There is more than one good reason to leave those big breeder size red drum in the water.
Story by Dr. Kesley Banks
Caught all year-round, red drum is an anglers favorite to note only catch but to serve on the dinner table. The most well-known way to prepare red drum is blackened, which was made famous by the late Chef Paul Prudhomme, owner of K-Paul’s Louisiana Kitchen in the French Quarter of New Orleans. This iconic recipe was introduced in the 1980s and resulted in a dramatic increase in the commercial harvest of red drum. By 1986, populations had been depleted so much that red drum were classified as overfished, sparking the closure of federal waters to recreational and commercial fishing for red drum that remain in effect today.
Red drum are an estuarine-dependent species early in its life. After reaching maturity, larger, older fish migrate offshore to spawn in the fall and remain there for the remainder of their 50-year life spans. This migration is often referred to as the “bull run.” These large, spawning fish, or bull reds, form large aggregations near bay and Gulf passes during this time making them easy to target and vulnerable to fishing. The harvest moratorium on the big breeder fish in federal waters has been key allowing the stocks to recover.
Fish like red drum play an important role in a healthy diet, whether you purchase your fish from the market or catch it yourself. While most fish are considered safe to eat, some have varying levels of contaminants like mercury, especially larger older individuals. Anglers often have questions regarding where these contaminants come from and how safe is it to eat your catch.
Mercury in the Environment
Contaminants are found throughout our environment, in the water, sediment, and even the air. Some are introduced by humans, through pollution, while other contaminants occur naturally in the environment. One of the most harmful contaminants is mercury, which is extremely poisonous and is found both naturally in the environment and as a pollutant. Mercury can enter the body through touch, inhalation, or consumption and causes severe health concerns.
Methylmercury is the most common form of mercury found in fish tissue and accumulates in higher concentrations as you move up the food chain. Benthic invertebrates and plankton absorb it through the sediment and water. These organisms are then eaten by small fishes, which are then eaten by larger predatory fishes. Some larger fish accumulate the methylmercury from their prey, which essentially means that the older and larger the fish, the greater the potential for high mercury levels in their bodies. These larger fish are then caught and eaten by us, causing the methylmercury to accumulate in our tissues, which can then lead to varying degrees of mercury poisoning.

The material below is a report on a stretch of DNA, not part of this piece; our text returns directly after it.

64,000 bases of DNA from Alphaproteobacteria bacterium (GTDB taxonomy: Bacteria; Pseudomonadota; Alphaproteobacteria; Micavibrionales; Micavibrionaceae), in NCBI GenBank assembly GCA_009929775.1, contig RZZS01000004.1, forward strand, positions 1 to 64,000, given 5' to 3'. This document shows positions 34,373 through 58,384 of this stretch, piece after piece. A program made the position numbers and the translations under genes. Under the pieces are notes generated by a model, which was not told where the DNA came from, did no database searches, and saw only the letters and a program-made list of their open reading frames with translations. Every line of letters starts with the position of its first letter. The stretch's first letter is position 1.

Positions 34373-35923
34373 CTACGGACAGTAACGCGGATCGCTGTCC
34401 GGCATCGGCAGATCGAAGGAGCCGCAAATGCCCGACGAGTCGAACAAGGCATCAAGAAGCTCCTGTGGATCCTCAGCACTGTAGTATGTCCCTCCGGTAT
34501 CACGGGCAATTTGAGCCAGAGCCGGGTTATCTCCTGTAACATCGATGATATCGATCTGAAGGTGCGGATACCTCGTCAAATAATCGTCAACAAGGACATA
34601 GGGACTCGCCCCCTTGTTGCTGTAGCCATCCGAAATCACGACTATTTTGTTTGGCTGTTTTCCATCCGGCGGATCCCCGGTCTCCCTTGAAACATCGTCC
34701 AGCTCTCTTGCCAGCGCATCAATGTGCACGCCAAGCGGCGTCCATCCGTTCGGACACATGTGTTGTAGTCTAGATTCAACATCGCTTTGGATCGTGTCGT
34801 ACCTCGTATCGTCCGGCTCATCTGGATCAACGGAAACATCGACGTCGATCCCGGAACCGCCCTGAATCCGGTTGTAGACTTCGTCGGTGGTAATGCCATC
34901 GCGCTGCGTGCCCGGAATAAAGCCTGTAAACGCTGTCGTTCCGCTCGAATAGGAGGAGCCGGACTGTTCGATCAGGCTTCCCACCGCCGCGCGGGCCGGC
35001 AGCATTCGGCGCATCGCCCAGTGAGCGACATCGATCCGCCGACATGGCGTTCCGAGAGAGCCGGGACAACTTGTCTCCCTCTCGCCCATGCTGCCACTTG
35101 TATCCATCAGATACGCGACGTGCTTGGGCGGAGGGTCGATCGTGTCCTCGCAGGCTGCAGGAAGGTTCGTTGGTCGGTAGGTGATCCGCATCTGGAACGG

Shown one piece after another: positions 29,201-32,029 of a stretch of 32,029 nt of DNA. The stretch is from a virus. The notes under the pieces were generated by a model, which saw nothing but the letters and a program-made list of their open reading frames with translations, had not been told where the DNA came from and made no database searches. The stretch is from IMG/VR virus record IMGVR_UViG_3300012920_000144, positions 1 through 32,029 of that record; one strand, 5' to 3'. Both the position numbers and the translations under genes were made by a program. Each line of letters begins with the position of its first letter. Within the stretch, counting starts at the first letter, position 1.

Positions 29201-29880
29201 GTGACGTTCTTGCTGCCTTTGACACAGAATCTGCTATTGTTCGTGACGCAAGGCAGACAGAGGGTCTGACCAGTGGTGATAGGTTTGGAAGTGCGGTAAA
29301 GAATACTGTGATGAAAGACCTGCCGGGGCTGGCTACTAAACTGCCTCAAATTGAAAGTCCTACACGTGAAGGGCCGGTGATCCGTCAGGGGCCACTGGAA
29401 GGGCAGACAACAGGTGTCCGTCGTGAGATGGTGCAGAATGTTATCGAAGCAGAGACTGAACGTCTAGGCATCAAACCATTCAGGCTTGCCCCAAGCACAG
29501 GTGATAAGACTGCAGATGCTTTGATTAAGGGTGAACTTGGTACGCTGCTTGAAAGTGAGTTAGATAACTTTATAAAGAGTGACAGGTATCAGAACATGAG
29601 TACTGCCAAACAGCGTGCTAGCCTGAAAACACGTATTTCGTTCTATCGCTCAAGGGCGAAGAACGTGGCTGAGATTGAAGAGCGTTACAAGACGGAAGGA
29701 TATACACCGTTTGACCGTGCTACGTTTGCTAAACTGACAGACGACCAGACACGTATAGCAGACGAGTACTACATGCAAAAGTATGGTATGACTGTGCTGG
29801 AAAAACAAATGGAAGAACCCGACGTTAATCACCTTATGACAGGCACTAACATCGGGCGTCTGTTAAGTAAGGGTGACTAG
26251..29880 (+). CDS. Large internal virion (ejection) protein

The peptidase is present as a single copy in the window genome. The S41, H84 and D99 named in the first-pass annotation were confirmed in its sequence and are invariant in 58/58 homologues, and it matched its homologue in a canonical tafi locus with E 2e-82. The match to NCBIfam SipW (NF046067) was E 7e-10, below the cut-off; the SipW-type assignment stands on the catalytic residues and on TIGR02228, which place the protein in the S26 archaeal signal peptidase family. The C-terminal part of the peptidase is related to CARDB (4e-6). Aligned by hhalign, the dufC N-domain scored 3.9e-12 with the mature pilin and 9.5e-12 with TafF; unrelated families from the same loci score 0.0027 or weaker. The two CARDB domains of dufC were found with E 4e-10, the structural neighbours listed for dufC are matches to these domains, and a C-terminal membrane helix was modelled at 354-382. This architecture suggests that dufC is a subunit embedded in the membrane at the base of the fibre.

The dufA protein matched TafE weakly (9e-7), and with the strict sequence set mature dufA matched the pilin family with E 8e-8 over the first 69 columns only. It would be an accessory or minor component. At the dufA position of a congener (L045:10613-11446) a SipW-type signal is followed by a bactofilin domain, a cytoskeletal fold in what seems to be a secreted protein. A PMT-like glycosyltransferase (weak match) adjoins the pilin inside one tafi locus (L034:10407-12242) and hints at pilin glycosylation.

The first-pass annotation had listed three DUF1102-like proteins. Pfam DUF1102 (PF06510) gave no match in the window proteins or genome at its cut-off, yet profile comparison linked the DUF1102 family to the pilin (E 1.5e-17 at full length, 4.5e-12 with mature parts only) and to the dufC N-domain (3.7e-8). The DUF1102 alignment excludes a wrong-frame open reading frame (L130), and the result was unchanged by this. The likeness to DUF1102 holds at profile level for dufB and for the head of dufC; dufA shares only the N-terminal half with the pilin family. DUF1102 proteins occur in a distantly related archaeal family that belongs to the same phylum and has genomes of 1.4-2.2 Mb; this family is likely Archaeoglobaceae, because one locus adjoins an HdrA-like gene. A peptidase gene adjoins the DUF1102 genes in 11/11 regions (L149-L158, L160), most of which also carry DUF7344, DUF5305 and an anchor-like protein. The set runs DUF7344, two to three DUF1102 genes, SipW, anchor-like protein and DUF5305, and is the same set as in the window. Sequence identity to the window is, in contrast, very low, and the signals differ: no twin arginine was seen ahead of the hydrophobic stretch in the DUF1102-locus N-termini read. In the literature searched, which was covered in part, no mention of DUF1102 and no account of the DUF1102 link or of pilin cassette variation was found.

Originally discovered in 1956 in Minamata Bay, Japan, locals experienced tingling in their hands and feet, reduced motor control, tremors, speech impairment, and mental retardation after consuming mercury contaminated seafood. The resulting illness was named Minamata disease and was caused by the discharge of industrial wastewater that contained mercury in the Minamata Bay.
So How Safe is it to Eat Your Catch?
Fish consumption advisories for specific waterbodies or susceptible groups of the population are put in place by local, state, and national agencies. Mercury accumulation in fishes in the Gulf of Mexico has been well established, even in red drum. Because they are long lived, grow to a large size, and forage relatively high in the food chain, red drum are prone to bioaccumulation of mercury and other toxins. The United States Food and Drug Administration (FDA), which oversees commercial fisheries, issues advisories when mercury concentrations are higher than 1.0 ppm wet weight, while the Environmental Protection Agency (EPA) issues recommendations for recreational fisheries if mercury concentrations are higher than 0.3 ppm wet weight. States are tasked with setting advisories within their borders for waterbodies found to have fish with elevated mercury levels.
Studies have shown that larger red drum can have elevated mercury concentrations above the acceptable limits. Fortunately, those studies also showed red drum within slot sizes are generally below the advisory limits and safe to eat unless an advisory is set for a particular waterbody. The prohibited retention of red drum in federal waters no only helps conserve the spawning stock but limits the amount of large red drum loaded with mercury being consumed by anglers. Unfortunately, the prohibition on commercial harvest of red drum in the future is not completely certain.
“Occasionally there are misguided efforts to reopen harvest of big breeder-sized red drum at the Gulf of Mexico Fishery Management Council, which would jeopardize not only the health of the fishery, but the health of consumers who have no idea of the hidden toxicity of those big fish,” said Ted Venker, Conservation Director for CCA National. “The Science is clear – retain red drum within the slot size for consumption and practice catch and release for oversized fish.”
Kesley Banks, Ph.D. is a Postdoctoral Assistant Research Scientist in the Center for Sportfish Science and Conservation at the Harte Research Institute for Gulf of Mexico Studies (HRI) at Texas A&M University-Corpus Christi. She graduated from Texas A&M University – Corpus Christi in December 2019 with a doctorate in marine biology and was one of the first recipients of a Science of Conservation Marine Scholarship. The Science of Conservation Scholarship program was founded in 2018 through a partnership of Shimano and CCA and is dedicated to benefitting students furthering their marine science education.